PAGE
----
The monster showed up after midnight. As they do. But it isn't the monster Conor's been expecting. He's been expecting the one from his nightmare, the one he's had nearly every night since his mother started her treatments, the one with the darkness and the wind and the screaming.... This monster is something different, though. Something ancient, something wild. And it wants the most dangerous thing of all from Conor. It wants the truth.

  • 4 out of 5 stars
  • Beautiful, touching and poignant.

  • By @Scattered_Laura on 09-07-12

Beautiful, touching and poignant.

Overall
4 out of 5 stars

Reviewed: 09-07-12

This was a really touching story. Connor was a great lad and his situation was heartbreaking. His mother, who battles cancer throughout the narrative, was a brave and touching character. Connor's grandmother seemed cold and cruel at times, but was simply a woman trying to remain strong in the face of the inevitability that she would soon have to bury her daughter. Ness subverts expectations with this narrative. He highlights the often sad conclusions of so many real-life narratives, a theme that is all the more poignant given Siobhan Dowd's own untimely death due to breast cancer.

The eponymous Monster of the book was also a subversion of common conceptions. He wasn't scary in a conventional way. Even Connor wasn't scared of him at first. He didn't eat babies or terrorise villagers. He was scary because he made Connor face up to the unfairness of reality and made him see how frightening the truth can be. Sometimes the scariest thing about tragedy is how happy it can make us when it's over...

I enjoyed the tales told by the Monster as I've always enjoyed the sometimes dark-morality of fairy tales. Ness' monster captured this tone and atmosphere superbly. Yesterday I mentioned Stephen King's knack for capturing the perfect tone for dark bedtime stories and I have to repeat this praise for Ness today!

Overall, this was a moving story. It is impressive that such a short tale can have such depth and beauty, and it is also impossible to forget the circumstances that saw it being written. However, great stories live for a long time. It is a touching tribute to the imagination of a strong writer that this tale was given life by the incredible Patrick Ness. His skills breathed life into a tale that might have otherwise been left to dust.

2 of 2 people found this review helpful

  • Swan Song

  • By: Robert McCammon
  • Narrated by: Tom Stechschulte
  • Length: 34 hrs and 22 mins
  • Unabridged
  • Overall
    4.5 out of 5 stars 783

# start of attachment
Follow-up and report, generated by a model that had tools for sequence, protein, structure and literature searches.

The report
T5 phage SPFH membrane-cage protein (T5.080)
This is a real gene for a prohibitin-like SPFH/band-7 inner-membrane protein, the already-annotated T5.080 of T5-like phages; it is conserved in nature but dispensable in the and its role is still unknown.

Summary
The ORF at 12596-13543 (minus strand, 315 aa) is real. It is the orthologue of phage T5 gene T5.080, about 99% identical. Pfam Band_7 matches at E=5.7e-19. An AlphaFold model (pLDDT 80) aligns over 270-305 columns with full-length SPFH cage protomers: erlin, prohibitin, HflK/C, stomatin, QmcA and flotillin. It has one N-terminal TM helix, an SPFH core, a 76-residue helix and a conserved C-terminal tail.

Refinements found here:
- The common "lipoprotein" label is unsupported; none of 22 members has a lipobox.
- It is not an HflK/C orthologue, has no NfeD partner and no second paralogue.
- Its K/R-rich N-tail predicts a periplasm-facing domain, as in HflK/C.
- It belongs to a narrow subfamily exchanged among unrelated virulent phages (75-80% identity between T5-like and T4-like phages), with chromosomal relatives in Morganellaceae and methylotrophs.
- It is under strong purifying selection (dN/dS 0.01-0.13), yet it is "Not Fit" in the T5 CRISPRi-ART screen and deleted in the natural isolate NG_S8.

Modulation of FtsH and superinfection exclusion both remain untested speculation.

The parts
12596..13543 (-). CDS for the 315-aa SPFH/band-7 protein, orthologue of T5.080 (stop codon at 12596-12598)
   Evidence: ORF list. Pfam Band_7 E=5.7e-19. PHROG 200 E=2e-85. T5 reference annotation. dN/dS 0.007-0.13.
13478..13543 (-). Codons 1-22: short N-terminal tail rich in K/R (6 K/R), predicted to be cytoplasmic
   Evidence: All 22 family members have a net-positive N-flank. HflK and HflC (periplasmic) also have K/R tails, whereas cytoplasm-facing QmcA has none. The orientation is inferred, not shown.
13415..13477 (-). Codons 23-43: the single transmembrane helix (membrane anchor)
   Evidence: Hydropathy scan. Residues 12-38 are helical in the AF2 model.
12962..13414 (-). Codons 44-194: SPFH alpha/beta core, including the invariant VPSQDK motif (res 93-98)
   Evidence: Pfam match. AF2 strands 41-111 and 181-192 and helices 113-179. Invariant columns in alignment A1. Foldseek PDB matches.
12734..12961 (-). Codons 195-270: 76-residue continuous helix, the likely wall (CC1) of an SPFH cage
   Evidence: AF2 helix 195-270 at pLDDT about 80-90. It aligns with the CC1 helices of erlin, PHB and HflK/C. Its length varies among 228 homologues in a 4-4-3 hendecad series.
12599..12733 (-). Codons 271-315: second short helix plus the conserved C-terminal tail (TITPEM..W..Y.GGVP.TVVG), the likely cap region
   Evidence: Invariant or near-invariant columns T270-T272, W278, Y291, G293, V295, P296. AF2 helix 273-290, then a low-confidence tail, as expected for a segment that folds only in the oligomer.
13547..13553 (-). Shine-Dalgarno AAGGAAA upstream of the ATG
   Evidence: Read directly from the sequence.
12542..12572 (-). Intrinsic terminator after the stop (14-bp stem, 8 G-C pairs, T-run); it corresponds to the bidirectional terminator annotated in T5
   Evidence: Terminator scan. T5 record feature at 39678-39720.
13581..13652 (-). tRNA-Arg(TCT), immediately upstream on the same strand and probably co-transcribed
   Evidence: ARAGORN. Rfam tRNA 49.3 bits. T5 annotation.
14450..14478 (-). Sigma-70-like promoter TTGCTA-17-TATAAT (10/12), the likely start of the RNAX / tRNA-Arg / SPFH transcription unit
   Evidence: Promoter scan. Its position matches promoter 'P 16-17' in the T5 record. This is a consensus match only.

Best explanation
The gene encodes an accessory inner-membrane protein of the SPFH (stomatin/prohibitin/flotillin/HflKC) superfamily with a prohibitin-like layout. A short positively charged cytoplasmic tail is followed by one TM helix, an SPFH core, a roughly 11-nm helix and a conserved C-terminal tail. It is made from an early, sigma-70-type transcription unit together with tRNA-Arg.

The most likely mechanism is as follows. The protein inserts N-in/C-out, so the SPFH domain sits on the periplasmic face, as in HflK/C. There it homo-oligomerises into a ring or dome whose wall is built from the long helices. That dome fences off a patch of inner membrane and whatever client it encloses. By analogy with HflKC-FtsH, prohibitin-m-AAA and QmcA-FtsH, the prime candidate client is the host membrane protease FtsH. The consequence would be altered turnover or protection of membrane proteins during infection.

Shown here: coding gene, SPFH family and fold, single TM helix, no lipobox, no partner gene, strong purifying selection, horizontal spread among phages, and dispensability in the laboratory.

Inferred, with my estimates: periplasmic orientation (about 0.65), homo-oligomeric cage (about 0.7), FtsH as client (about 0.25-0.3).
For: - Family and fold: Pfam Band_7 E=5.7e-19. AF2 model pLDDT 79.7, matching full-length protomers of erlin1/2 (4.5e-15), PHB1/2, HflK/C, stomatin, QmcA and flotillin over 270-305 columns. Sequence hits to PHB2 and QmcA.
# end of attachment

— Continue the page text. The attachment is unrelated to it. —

• Performance
    4.5 out of 5 stars 607
  • Story
    4.5 out of 5 stars 607

Facing down an unprecedented malevolent enemy, the government responds with a nuclear attack. America as it was is gone forever, and now every citizen - from the President of the United States to the homeless on the streets of New York City - will fight for survival. In a wasteland born of rage and fear, populated by monstrous creatures and marauding armies, earth's last survivors have been drawn into the final battle between good and evil, that will decide the fate of humanity.

  • 5 out of 5 stars
  • More of an Opera than a Song!

  • By Simon on 07-09-15

A brilliant, post-apocalyptic adventure tale!

Overall
5 out of 5 stars

Reviewed: 09-07-12

How is it that this book has been off my radar for so long!? Seriously. I love epic, post-apocalyptic tales of survival and so this book should have been on my list from the moment of its release. Okay... maybe not that far back as I was two years old when it was originally released. No. This book was so good that even then I should have had it on my wishlist.

This book is a must read if you are a fan of Stephen King's The Stand or Justin Cronin's The Passage. I happen to be a huge fan of both and Swan Song is a bit like the love-child of these works.

It has a whole bunch in common with The Stand. The survivors of the apocalypse (which takes the form of a nuclear strike instead of a government-engineered plague) fall into two camps of Good vs Evil. There's a "dark man" figure who is decidedly evocative of King's Randall Flagg, and there are many religious undercurrents to the narrative.

King's work was first published in '78 so it pre-dates Swan Song. Even though the argument could be made that McCammon's work is derivative, I actually don't care. I see it more as one great piece of fiction inspiring another. While King's work is definitely superior, McCammon's story is still a wonderful read. Whole bunches of books have been inspired by great predecessors, and just because they don't measure up to them, doesn't mean they can't be great in their own right.

I guess there was a lot about this book which reminded me of other books, and I know that's not necessarily a good thing. However, in this case I honestly enjoyed every aspect of the book. The situation was gripping, the characters were realistic and the premise was epic. This is one of those books that I'd recommend to people after they'd read and loved The Stand. It's not as good as that, but it's damned decent as a follow-up read! A fab not-so-little read!

11 of 11 people found this review helpful

  • Insurgent

  • Divergent, Book 2
  • By: Veronica Roth
  • Narrated by: Emma Galvin
  • Length: 11 hrs and 22 mins
  • Unabridged
  • Overall
    4.5 out of 5 stars 109
  • Performance
    4.5 out of 5 stars 53